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GEOG 3251 summer ‘10 Adina Racoviteanu

GEOG 3251 summer ‘10 Adina Racoviteanu. Objectives. Understand how Earth is dynamic and how moving plates form ocean basins, mountain ranges, islands, volcanoes, and earthquakes

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GEOG 3251 summer ‘10 Adina Racoviteanu

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  1. GEOG 3251 summer ‘10 Adina Racoviteanu

  2. Objectives • Understand how Earth is dynamic and how moving plates form ocean basins, mountain ranges, islands, volcanoes, and earthquakes • Identify the three general categories of plate boundaries recognized by scientists: convergent, divergent, and transform • Understand how the theory of plate tectonics was developed and supported

  3. Why is the Earth so restless? • ground shakes violently • volcanoes erupt with explosive force • mountain ranges rise to incredible heights

  4. Catastrophism world view Until 1700s: common belief: • Biblical Flood shaped Earth's surface • All earthly changes were sudden and caused by a series of catastrophes.

  5. Uniformitarian principle • 1785 : James Hutton, a Scottish geologist proposes new world view: The present is the key to the past. • geologic forces and processes acting on the Earth today are the same as those that have acted in the geologic past.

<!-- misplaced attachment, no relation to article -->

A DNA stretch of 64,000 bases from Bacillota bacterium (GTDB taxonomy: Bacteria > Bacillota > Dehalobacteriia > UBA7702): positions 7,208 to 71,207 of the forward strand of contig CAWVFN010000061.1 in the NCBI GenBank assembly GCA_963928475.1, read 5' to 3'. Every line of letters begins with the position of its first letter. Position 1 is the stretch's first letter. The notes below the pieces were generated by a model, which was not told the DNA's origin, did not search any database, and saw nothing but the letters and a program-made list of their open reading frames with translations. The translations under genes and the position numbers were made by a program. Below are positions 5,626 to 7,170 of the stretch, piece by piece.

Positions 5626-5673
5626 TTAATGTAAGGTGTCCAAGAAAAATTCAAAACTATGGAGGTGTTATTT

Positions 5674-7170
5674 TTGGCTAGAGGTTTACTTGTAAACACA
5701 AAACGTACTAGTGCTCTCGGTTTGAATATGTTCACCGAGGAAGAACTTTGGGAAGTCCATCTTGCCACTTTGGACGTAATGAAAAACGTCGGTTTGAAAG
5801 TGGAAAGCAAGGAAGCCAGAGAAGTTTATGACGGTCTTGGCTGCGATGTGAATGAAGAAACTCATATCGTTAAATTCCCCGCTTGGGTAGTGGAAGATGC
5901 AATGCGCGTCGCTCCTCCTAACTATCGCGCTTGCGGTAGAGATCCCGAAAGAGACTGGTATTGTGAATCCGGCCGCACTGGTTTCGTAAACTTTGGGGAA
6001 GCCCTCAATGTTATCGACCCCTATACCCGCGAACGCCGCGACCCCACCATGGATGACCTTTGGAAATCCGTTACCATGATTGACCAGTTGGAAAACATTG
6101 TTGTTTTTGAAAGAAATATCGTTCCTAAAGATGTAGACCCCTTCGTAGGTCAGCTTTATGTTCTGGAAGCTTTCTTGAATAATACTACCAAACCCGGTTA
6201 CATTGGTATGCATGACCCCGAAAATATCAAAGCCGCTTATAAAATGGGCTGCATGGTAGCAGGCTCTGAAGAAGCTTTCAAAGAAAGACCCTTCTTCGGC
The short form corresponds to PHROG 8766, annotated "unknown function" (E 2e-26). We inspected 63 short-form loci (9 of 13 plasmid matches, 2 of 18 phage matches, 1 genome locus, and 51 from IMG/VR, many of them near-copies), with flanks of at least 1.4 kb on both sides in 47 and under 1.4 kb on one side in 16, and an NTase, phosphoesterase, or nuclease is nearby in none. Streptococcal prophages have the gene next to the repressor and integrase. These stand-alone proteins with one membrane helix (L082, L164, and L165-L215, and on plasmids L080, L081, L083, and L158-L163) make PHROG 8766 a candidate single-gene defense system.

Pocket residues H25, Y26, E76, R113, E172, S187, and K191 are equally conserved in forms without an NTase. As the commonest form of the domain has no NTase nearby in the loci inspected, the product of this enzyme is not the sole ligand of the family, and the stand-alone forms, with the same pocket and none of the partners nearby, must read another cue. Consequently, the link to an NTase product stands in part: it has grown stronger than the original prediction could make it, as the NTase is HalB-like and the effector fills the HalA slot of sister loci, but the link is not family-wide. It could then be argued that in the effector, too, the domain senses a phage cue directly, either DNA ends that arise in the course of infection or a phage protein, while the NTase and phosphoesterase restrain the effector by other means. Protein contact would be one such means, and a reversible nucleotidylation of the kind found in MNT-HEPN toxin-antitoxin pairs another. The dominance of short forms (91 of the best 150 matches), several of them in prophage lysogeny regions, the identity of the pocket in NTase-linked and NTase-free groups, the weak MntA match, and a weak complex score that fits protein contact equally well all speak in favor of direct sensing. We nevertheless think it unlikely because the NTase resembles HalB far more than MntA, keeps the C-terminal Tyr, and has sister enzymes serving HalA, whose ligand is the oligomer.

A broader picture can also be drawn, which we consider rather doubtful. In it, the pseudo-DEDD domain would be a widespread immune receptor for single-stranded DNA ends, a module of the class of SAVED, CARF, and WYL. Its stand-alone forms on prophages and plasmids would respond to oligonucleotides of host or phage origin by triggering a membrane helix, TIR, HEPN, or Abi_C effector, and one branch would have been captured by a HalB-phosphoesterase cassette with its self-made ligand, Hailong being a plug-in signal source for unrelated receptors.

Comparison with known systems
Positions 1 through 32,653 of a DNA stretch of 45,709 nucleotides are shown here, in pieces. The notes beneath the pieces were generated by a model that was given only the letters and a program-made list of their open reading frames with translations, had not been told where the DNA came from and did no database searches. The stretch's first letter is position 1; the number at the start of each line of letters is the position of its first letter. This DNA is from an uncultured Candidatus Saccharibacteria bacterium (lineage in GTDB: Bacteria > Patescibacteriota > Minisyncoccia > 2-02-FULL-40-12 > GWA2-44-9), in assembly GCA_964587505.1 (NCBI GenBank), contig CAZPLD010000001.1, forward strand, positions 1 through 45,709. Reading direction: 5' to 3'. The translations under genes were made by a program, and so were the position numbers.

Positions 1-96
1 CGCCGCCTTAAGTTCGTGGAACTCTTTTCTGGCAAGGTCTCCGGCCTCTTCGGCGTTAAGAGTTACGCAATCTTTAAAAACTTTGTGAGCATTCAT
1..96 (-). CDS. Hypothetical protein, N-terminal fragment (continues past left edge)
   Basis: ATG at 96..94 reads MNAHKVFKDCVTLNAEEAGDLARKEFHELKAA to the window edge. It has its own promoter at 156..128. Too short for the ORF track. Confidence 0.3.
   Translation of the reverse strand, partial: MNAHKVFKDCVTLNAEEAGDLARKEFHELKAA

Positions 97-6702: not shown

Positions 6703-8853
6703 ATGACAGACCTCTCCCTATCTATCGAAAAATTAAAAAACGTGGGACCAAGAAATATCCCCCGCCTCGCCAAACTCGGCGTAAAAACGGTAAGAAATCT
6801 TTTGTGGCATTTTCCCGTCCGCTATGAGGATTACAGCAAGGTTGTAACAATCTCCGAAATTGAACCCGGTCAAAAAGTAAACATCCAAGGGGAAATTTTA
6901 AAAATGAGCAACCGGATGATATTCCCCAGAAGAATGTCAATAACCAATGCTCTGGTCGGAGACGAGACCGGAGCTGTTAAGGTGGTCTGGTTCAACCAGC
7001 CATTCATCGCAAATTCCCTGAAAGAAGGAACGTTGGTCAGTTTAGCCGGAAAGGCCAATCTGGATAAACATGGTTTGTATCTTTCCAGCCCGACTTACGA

6. EARTH’S LAYERS • Three layers: • the core, • the mantle and • the crust • Chemical & mechanical differences Like boiled egg

  7. THE CORE • Composition: mostly iron and nickel • Temperature: very hot, even after 4.5 billion years of cooling. • divided into two layers: • a solid inner core • liquid outer core.

  8. CORE GENERATES CURRENTS • Core is so hot  it radiates natural heat to the upper layers. • convection currents generated. • The convection currents cause the movement • of the tectonic plates.

  9. MANTLE • Composition: mafic minerals - rich in the elements iron (Fe) magnesium (Mg), silicon, and oxygen • Dense, hot layer of semi-solid rock • Upper part of the mantle is cooler and more rigid than the deep mantle

  10. CRUST • Composition: oxygen and silicon with lesser amounts of aluminum, iron, magnesium, calcium, potassium, and sodium. • rigid and very thin

  11. LITHOSPHERE • Greek (lithos = stone) rigid outermost layer made of crust and uppermost mantle • broken up into the moving plates that contain the world's continents and oceans

  12. ASTHENOSPHERE • Greek (asthenos = weak) = part of the mantle that flows, a characteristic called plastic behavior. • The flow of the asthenosphere is part of mantle convection, which plays an important role in moving lithospheric plates.

  13. CRUST/MANTLE AGAIN • lithosphere • hard • ~100 km thick • crust floats on top • continental crust 20 to 70 km thick • oceanic crust ~ 8 km thick • asthenosphere • soft • ~3000 km thick • “fluid-like”

  14. Crust: 2 types • Oceanic crust is made of relatively dense rock called basalt • Continental crust is made of lower density rocks, such as andesite and granite.

  15. Oceanic vs.continental crust Oceanic Continental basaltic rocks granitic rocks "mafic” Mg, Fe “felsic” (Fe-Si, Al) denser less dense thinner thicker